(5/28/2015) Packers cornerback Casey Hayward is dealing with a foot injury and doesn't expect to return to action until training camp, the Milwaukee Journal Sentinel reports.

"I’ll probably take it easy into camp right now," Hayward said. "I have a minor foot thing right now. We’ll probably take it easy into camp."

Hayward said the foot "flared up" on him earlier in the offseason. He finished with 42 tackles and three interceptions last season.


Ravens' Terrence Brooks running, 'doing really well'
by R.J. White | CBSSports.com
(5/28/2015) Ravens free safety Terrence Brooks is running after suffering ACL and MCL tears in his right knee in December, the Baltimore Sun reports.

"Terrence Brooks is doing really well," coach Jim Harbaugh said. "No predictions right now, but he looks good. He has worked hard."

Brooks is expected to open the season on the PUP list and could make his return this season.

"We're just hoping for the best, trying to get back as soon as possible," Brooks said. "We're taking precautious. We definitely don't want to rush back too fast. If you do get cleared, playing this year is definitely a goal. You don't want to rush it. For the most part, you have to be cautious and take it easy. After we get off of the PUP list, we'll see where we're at. I definitely want to get back into it, but we're taking our time. I have high hopes of being ready."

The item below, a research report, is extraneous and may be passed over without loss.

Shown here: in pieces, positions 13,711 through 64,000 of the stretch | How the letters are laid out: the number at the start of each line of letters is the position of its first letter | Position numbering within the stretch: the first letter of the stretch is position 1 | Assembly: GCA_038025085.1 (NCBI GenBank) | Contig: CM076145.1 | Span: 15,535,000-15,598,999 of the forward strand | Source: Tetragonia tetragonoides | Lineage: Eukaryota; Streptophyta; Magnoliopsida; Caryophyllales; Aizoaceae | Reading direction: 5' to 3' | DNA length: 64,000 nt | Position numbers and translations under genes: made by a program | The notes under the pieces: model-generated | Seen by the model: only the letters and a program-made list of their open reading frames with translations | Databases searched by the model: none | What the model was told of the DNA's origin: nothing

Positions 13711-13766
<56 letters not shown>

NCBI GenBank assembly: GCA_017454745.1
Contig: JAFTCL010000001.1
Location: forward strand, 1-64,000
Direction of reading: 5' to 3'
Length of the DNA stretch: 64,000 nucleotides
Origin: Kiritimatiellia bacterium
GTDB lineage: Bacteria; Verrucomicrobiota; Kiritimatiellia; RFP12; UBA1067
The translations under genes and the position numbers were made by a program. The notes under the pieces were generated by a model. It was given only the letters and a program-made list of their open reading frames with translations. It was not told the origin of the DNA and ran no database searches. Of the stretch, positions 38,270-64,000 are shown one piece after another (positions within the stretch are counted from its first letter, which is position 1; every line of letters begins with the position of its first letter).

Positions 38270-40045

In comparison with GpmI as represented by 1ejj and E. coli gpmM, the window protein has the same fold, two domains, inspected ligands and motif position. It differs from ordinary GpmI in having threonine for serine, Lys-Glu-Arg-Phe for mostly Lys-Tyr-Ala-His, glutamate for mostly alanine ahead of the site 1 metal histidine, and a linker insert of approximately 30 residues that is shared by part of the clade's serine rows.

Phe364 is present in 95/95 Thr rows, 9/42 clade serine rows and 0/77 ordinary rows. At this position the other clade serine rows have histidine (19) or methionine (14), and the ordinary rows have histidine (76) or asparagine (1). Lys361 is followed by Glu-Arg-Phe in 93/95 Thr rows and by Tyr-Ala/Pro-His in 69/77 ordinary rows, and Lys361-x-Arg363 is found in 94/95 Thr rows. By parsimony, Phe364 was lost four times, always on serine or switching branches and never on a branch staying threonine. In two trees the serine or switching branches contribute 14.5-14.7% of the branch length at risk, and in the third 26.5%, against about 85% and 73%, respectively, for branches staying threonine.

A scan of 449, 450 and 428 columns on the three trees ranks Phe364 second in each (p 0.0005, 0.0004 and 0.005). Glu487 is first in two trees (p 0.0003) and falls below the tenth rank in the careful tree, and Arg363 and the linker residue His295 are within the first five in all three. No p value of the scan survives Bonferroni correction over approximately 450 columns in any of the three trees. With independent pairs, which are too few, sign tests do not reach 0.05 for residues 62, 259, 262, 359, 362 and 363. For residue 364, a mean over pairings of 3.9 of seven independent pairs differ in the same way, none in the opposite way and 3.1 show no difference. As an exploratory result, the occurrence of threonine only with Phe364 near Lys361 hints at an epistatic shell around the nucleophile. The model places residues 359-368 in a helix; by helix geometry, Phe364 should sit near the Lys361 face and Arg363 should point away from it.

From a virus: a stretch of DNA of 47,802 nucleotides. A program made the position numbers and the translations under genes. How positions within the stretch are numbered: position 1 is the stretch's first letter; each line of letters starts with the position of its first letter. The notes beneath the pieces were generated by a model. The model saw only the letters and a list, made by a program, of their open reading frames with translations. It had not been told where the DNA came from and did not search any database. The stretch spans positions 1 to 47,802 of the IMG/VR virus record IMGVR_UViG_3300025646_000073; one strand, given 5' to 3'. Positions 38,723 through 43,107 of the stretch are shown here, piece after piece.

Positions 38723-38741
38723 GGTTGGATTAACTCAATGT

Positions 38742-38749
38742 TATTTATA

Report: OT Jake Long visits Giants Thursday
by R.J. White | CBSSports.com
(5/28/2015) Free-agent offensive tackle Jake Long visited the Giants on Thursday, ESPN reports.

The Giants are having to shuffle their offensive line with Will Beatty expected to miss the first part of the season with a pec injury. Long was scheduled to make $9.25 million in 2015 but was released by the Rams in March.


Saints CB Brandon Browner impressing teammates, coach
by Marty Gitlin | CBSSports.com
(5/28/2015) New Saints cornerback Brandon Browner is having a positive impact on not just the secondary, but the entire defense. At least that's the view of defensive backfield mate Kenny Vaccaro.